Researchers fear growing hesitation over COVID vaccine in developing countries


A dose of vaccine is administered in Kathmandu, Nepal. Credit: Dipendra Rokka / SOPA Images / LightRocket / Getty

Reluctance to the COVID-19 vaccine has long been recognized as a problem in high and middle-income countries. But in some of the world’s poorest countries, lack of access to vaccines has been a much bigger barrier. Today, researchers say that as doses pour in, resistance to vaccination is also becoming a major problem in these countries.

Scientists fear that persistent pools of unvaccinated people around the world may pose an increased risk of the emergence of new variants of concern, such as Omicron. “When you have a lot of community transmission, this is where variants will appear,” says Jeffrey Lazarus, a global health researcher at the Barcelona Institute for Global Health in Spain. Responding to people’s hesitation is therefore crucial to curb the viral spread and avoid hospitalizations and deaths, he says.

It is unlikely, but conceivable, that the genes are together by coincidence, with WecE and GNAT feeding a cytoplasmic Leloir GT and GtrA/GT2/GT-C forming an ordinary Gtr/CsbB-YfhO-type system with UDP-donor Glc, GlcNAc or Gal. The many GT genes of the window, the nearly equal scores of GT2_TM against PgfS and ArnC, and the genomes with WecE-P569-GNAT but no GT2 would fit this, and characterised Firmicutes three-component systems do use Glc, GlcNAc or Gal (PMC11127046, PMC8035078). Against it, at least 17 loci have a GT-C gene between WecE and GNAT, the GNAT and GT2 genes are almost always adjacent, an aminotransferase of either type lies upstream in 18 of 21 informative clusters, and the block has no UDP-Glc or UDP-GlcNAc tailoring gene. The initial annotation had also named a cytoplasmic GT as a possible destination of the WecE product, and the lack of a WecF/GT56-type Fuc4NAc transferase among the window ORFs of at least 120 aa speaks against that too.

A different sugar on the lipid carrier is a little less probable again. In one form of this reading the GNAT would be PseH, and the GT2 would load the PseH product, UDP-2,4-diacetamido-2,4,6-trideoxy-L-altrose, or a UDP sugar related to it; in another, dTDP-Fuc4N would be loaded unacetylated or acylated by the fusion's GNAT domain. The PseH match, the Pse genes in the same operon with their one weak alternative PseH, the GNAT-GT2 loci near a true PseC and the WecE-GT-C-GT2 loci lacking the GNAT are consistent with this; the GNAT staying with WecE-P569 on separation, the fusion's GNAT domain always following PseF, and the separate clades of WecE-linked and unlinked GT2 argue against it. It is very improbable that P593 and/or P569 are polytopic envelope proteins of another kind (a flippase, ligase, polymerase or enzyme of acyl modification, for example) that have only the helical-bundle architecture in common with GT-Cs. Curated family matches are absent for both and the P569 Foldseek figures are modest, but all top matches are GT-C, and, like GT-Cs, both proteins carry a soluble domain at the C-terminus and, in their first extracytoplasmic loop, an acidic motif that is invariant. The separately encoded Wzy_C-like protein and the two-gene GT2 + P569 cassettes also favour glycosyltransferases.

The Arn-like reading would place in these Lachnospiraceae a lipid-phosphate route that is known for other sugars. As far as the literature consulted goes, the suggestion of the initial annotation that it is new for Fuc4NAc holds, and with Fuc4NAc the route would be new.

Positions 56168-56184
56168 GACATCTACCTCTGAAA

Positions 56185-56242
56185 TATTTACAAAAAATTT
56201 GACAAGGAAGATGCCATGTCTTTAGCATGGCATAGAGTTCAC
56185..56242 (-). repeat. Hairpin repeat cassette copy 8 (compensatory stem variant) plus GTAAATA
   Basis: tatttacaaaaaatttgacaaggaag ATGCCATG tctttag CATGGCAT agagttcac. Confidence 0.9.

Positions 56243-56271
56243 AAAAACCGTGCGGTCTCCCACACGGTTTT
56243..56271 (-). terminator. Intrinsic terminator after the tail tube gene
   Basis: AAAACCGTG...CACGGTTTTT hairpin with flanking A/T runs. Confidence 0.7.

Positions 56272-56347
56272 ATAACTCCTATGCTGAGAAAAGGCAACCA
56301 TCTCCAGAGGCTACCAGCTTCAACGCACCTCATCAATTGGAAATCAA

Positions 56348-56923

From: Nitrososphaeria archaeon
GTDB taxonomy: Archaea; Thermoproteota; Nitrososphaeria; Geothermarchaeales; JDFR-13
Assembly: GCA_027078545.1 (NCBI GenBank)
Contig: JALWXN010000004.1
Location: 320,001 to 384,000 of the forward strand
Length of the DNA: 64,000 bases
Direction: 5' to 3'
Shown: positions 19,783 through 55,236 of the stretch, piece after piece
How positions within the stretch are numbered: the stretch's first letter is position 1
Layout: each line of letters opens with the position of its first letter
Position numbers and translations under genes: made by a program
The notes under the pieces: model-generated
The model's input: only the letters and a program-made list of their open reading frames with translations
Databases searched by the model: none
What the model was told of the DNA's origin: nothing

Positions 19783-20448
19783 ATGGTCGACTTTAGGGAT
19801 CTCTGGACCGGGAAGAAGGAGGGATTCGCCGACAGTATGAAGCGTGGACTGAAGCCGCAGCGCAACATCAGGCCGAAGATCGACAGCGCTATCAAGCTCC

Scientists report that the reluctance may now be contributing to the slow uptake of vaccines in some countries where a large portion of the population is still unvaccinated. These include South Africa – one of the countries where Omicron was first detected – Tanzania, the Democratic Republic of the Congo (DRC), Papua New Guinea and Nepal.